The list included off-field conservation buffers, such as vegetative filter strips, grassed waterways and field borders; on-field conservation practices, including reduced tillage in the form of no-till and strip-till, as well as planting cover crops.

"In our minds, the best way we can show progress is by implementing this workplan and including some of the early mitigations," Li said. "We can do these things under FIFRA years before we ever go through the ESA process. What we need to demonstrate to our stakeholders, especially the environmental community, is that we can start protecting endangered species. You don't have to sue us in order for us to get there."


Kyle Kunkler, director of government affairs for the American Soybean Association, acknowledged the gravity of the situation.

"Increasingly, the grower community is becoming aware that unless this issue is resolved and there is some sort of meaningful path forward identified, this is probably one of the largest, most existential issues to the ability of growers to access pesticides," he said while also speaking at the WSSA annual meeting. "So, the grower community is invested in helping to find a solution here."

While he applauded EPA's current efforts, Kunkler reminded the audience that it is pesticide users, such as his organization's 500,000 soybean farmers, who will bear the cost of implementing mitigation measures.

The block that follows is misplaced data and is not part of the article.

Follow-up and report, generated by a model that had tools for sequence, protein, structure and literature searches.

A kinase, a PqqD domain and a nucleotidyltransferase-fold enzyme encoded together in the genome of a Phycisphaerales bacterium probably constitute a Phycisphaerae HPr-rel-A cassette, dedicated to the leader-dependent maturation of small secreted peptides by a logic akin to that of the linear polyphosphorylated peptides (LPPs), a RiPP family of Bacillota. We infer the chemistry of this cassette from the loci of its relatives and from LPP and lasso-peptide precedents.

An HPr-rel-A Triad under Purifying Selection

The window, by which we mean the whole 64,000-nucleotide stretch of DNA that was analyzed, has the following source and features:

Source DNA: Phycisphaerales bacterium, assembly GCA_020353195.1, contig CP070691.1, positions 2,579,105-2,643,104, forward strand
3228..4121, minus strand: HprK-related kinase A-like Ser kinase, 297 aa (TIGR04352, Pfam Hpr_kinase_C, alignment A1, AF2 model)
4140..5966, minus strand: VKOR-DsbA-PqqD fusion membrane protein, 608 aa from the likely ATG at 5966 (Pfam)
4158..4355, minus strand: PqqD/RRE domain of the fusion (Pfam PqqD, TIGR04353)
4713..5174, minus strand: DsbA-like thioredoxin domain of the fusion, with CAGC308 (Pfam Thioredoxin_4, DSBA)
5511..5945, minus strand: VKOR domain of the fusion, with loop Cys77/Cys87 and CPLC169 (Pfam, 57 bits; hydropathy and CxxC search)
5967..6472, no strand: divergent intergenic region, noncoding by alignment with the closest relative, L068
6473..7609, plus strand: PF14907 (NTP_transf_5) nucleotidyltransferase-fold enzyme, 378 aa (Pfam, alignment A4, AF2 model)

"The devil's in the details as to how things are implemented," he said. "If farmers are making sacrifices to protect the environment -- which I think you will find they are ready, willing and able to do -- they want to make sure that it is truly necessary and is going to benefit the species and their habitats the way the regulators intended."

Both Kunkler and Bill Chism, chair of WSSA's ESA committee, shared concern that as a group overall, pesticide users don't appreciate the ramifications of the EPA's latest approach. Their concern is not without merit. Though the updated ESA workplan has been available for public comment since mid-November, only 15 total comments have been submitted to the online docket as of Feb. 3, 2023. By contrast, the EPA's proposed changes to atrazine use garnered more than 68,000 comments last fall.

"I absolutely think growers don't know this is happening," Chism said. "I think farmers would be more than willing to help, but right now, they don't even know they're part of a discussion. Our committee is hoping to put together some communications pieces to help explain the Endangered Species Act."

Li added that if the EPA can show real progress, delivering real-world protections for endangered species while providing growers with the tools they need, he thinks there's a real chance litigation will subside.

"We're just really one court decision away from having our pesticide tools vacated and being pulled off the market abruptly," he said of the situation without the ESA workplan. "But I think right now is the best time in the history of this issue to actually make some progress. If we are sued, we have something to show the courts. If we all roll up our sleeves together, we can solve this problem once and hopefully for all."

The public comment period for the updated ESA workplan ends on Feb. 14, 2023. To comment, go here: https://www.regulations.gov/…

Also see "EPA Proposes New Approach for Pesticides" -- https://www.dtnpf.com/…

Jason Jenkins can be reached at jason.jenkins@dtn.com

Follow him on Twitter @JasonJenkinsDTN

Jason Jenkins